Basdeo Panday is correct.
The “love, camaraderie, affection” which is displayed at Carnival time is quickly replaced with “hate, spite, vindictiveness, ethnic rivalry,” the former prime minister lamented.
Indeed, it happens each year.
The pulsating music, relentless and energetic partying and frenetic round of fun events bring together virtually all the people of Trinidad and Tobago.
We are a happy showpiece to the world and a model nation to our visitors.
This year, several soca artistes expounded on unity (while chutney singers stayed true to form on drinking rum and horning ‘ oman!).
We return to the shadows of intolerance after the national festival, with much of it is founded on ethnic bigotry and political narrow-mindedness, as evident in fanatical social media posts.
“What happened to us almost overnight, so quickly?” Panday queried.
“How we vote is not how we party,” David Rudder sang, with insight.
To be sure, T&T has never been the tolerant society first Prime Minister Dr. Eric Williams projected in his independence watchwords.
But there appeared to have been greater appreciation, respect and forbearance.
The widespread use of social media has unleashed the prejudicial beast in many, and this often has tacit support from rival political organisations.
Several commentators routinely peddle gross misinformation, coated with abhorrence for others who do not share their partisan backward, and often inane, views.
With the influence of social media, such odium and denigration have polluted the national narrative.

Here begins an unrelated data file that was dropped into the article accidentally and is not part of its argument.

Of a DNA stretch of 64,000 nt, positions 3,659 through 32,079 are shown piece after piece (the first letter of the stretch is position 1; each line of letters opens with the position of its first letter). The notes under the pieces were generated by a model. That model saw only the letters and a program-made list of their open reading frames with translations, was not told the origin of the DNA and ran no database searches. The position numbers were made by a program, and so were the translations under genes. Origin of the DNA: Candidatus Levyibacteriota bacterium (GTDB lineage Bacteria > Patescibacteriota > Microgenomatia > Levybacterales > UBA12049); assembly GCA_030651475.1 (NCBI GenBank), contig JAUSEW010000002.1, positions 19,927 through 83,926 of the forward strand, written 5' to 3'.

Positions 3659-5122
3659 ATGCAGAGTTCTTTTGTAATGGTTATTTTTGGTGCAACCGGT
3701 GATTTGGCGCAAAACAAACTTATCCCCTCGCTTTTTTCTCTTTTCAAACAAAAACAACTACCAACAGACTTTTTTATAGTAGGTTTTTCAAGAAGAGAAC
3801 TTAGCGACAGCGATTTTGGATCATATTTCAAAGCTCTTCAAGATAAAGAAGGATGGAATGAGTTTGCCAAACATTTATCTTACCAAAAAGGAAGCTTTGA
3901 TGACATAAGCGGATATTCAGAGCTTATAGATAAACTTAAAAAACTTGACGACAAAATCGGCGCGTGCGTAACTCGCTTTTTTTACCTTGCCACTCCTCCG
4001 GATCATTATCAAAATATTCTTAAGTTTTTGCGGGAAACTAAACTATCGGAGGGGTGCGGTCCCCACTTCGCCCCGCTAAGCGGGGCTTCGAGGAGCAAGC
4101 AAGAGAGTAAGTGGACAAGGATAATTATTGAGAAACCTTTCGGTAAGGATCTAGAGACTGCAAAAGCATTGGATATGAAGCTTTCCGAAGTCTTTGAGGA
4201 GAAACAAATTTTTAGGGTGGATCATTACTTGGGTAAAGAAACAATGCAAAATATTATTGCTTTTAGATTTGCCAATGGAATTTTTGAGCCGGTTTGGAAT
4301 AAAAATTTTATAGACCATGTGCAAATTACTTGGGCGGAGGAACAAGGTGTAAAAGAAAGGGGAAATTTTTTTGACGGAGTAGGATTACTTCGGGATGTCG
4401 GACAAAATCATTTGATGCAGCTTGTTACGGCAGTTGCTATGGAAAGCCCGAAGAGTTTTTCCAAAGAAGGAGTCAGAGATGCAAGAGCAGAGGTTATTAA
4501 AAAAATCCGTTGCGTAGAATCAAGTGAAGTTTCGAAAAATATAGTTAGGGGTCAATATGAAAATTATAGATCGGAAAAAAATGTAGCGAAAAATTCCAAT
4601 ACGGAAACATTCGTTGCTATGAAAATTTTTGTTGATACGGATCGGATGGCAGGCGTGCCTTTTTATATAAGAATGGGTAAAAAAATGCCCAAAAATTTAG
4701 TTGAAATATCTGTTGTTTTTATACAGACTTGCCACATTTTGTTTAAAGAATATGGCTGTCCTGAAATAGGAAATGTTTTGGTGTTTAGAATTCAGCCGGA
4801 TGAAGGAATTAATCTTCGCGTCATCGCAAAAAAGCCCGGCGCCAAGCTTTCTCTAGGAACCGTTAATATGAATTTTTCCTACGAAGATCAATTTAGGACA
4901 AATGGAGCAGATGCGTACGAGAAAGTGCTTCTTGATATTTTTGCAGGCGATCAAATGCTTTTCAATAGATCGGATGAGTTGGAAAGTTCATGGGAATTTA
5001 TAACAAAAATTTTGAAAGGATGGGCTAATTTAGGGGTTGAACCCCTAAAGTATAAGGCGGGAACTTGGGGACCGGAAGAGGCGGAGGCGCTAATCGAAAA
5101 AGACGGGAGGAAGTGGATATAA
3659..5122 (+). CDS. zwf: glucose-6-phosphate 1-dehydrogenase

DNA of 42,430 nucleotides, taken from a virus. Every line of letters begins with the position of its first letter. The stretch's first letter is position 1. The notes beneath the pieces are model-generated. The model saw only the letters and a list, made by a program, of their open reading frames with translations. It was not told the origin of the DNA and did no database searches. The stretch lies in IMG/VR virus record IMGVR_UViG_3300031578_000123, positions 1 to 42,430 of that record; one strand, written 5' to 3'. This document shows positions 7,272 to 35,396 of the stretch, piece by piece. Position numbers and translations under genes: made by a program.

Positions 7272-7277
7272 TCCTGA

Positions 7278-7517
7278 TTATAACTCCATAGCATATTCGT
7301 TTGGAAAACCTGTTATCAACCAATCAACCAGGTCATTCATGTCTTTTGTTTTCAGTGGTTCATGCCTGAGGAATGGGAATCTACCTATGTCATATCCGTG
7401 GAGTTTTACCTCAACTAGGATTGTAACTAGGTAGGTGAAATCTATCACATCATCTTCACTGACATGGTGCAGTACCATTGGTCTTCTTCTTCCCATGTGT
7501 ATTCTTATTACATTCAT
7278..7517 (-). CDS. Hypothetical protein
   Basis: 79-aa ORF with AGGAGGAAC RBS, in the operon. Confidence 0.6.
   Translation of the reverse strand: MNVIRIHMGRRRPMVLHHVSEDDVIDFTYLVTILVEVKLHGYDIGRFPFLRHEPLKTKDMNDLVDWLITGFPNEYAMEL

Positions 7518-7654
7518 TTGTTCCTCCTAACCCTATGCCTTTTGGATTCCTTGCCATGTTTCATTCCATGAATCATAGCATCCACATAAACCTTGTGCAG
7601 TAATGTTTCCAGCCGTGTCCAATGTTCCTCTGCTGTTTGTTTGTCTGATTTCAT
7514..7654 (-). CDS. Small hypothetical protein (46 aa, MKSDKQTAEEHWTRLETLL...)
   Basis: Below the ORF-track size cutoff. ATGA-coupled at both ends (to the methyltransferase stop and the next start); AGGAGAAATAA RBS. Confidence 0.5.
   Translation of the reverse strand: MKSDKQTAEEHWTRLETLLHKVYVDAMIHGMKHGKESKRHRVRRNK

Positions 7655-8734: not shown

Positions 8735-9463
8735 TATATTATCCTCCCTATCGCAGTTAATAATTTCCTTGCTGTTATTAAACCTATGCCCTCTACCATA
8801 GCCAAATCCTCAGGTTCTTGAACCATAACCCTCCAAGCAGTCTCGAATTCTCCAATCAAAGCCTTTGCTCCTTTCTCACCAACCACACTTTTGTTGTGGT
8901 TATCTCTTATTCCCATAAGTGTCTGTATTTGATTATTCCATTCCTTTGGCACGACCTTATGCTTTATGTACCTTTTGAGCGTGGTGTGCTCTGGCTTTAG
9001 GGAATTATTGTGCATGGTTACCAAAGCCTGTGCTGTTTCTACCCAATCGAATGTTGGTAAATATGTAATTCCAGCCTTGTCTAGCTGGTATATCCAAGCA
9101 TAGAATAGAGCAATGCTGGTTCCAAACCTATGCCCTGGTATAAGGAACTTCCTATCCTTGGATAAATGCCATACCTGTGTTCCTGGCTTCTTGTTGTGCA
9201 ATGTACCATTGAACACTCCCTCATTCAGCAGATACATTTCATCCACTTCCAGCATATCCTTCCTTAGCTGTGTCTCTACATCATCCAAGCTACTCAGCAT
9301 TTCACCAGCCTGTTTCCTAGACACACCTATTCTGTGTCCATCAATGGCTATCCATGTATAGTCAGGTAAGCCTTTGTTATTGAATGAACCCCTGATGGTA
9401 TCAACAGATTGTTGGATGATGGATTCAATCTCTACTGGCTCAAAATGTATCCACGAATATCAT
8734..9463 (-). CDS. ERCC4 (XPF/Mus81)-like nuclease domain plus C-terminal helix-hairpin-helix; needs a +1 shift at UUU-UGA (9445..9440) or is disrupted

This is further exacerbated by often thinly-veiled commentaries of bias and chauvinism by some people of influence.
There is no evidence that hawkers of hate and dealers of disgust are censured by their cronies.
The situation is of concern not only because of T&T’s diversity but also because of the xenophobia which hit serene New Zealand and is spreading across the borderless world.
The marauding killer turned on Islamic worshippers because of his contempt for immigrants.
Note that Muslims are only one per cent of New Zealand’s population of 4.7 million, and that that country has been habitually heralded for its peaceful and liberal nature.
The country is customarily listed in the United Nations’ top 10 nations in which to live.
If intolerance and fanaticism could explode in placid New Zealand, what about the tinderbox of Trinidad and Tobago, where a crime epidemic is matched by growing small-mindedness?
“If we can only find the cause,” Panday proposed, “we might then be able to concoct a remedy for this most deleterious phenomenon…”
Progressive national leadership, with acknowledgement of T&T’s plural state and deep social enclaves, is arguably the best place to start.
Such leadership must also be displayed by the moribund church, labour and university, and self-serving business community.
Subduing the poison pens of social media, and equitably promoting nationalistic culture would also undoubtedly assist.
The atrocity in New Zealand has awakened an international debate on the terrorism attached to white nationalism and bigotry.
Trinidad and Tobago has to ensure that the “hate, spite, vindictiveness, ethnic rivalry” do not degenerate into such violent evil.